When I was in school, there was a game that schools were teaching kids called “Lifeboat”. Basically you were the captain of a ship that was at sea and it was going down. There was one lifeboat, but there wasn’t enough room for everyone. They gave you a rundown on everyone on board. Some were young, some were old, some had questionable past, some had noble professions, some had medical conditions, some were addicts, etc. You were then to choose to see how your morals or values guided you. My parents, and a lot of Christians were against this type of education and wanted us to respect all people and value their life. I don’t remember the game lasting very long in schools, but I do remember them reiterating the Golden Rule of treating others the way you want to be treated.
Both the Old and New Testaments teach us to love our enemies and to treat them well. The word enemy here is someone who is hostile toward you or who opposes you. That can be tough to do. Usually if someone is hostile toward me, my first reaction is to attack them back or go on the defensive. I’ve always tried to keep Proverbs 15:1 in mind when someone is angry at me, and give them a soft answer. Another thing I try to do to de-escalate the situation is to try to understand their side and point of view by asking questions gently. Most people simply want to be heard and understood. They feel like attacking or yelling is the way to do that. Our response has the ability to add gasoline to that raging fire or water.
Finally, if all else fails, value them and their life. Remember that they were made in the image of God as much as you were. Romans 12:16 says, “Live happily together in a spirit of harmony, and be as mindful of another’s worth as you are your own” (TPT). When we argue our points by devaluing someone else and their points. It’s like tossing them overboard in the game of Lifeboat. It’s telling them that they don’t matter and you and your points are worth more than theirs. As believers, we must learn how to live in harmony across denominational, racial, ethnical and personal belief lines. We must value each other as brothers and sisters in Christ even though we may not see eye to eye. We are not each other’s enemy, and our battle is not against flesh and blood. Each of us have the same worth to God and He paid the same price for their sin as He did for yours. When we learn to value others as ourselves, we create an ability to live in harmony.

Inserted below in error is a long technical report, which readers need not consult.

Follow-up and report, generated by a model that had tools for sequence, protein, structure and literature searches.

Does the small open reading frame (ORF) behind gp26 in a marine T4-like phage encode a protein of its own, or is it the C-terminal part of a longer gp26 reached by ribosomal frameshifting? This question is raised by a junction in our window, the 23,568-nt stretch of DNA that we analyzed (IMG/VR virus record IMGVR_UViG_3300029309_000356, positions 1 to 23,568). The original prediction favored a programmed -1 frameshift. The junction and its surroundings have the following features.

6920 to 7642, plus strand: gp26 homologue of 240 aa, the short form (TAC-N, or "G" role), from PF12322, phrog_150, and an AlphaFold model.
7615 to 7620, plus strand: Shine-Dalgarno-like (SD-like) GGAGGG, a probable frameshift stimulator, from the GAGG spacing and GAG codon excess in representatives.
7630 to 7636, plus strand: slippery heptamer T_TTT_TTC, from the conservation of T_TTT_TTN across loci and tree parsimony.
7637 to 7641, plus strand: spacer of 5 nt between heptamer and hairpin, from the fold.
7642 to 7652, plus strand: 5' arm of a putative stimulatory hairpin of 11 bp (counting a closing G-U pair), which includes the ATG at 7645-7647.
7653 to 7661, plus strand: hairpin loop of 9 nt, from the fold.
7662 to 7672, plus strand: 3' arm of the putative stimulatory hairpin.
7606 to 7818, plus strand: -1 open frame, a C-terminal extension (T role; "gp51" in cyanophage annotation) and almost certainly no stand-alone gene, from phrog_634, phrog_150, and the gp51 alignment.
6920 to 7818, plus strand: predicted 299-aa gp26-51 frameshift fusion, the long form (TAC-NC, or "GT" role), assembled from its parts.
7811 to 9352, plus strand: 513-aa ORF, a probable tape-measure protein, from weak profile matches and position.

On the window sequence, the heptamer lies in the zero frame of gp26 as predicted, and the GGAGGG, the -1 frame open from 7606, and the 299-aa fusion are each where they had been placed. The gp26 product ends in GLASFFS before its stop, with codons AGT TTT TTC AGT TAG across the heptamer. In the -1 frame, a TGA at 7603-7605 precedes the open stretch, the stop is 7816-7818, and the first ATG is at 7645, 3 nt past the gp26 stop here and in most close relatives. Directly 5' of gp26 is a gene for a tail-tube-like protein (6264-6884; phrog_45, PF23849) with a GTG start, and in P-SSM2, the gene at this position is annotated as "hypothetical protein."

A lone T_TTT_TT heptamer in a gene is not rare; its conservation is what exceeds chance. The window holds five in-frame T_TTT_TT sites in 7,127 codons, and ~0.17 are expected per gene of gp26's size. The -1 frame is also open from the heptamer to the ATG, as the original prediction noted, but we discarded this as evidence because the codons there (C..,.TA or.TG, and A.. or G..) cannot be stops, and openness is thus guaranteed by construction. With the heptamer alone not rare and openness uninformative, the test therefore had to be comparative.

When we go through difficult times, we look to family and friends to be there for us. We need them to be our strength and to hold us up. Imagine though, what it would be like in the darkest time of your life if your family and friends turned on you. Imagine if they insulted you instead of offering you hope. Imagine if they accused you of doing something against God instead of praying for you. Your agony in the situation would be multiplied.
Job was facing just that. As he cried out to God, his friends mocked him and chastised him. In Job 19:13-19 he shares his struggle. He said, ““My relatives stay far away, and my friends have turned against me. My family is gone, and my close friends have forgotten me. My servants and maids consider me a stranger. I am like a foreigner to them. When I call my servant, he doesn’t come; I have to plead with him! My breath is repulsive to my wife. I am rejected by my own family. Even young children despise me. When I stand to speak, they turn their backs on me. My close friends detest me. Those I loved have turned against me” (NLT).
I can’t imagine having to go through my most difficult times without the support of friends and family. What happened to Job still happens to people today. They are left to go through struggles on their own. Their friends turn their backs in them when life gets tough. Their hope and strength fade away without support. As believers, we must support people who are struggling. We must offer them the hope that is within us. We must hold them up in prayer when they don’t have the strength or will to pray for themselves.
Each of us know that the Golden Rule is to do unto others as we would have others do unto us. We need to treat people the way we want to be treated. We need to visit the sick in the hospital, comfort those who are broken, defend the defenseless, guard the unguarded, offer water to the thirsty, and food to the hungry. In Matthew 25:40, Jesus said when we do these things for the least of these we are doing it for Him.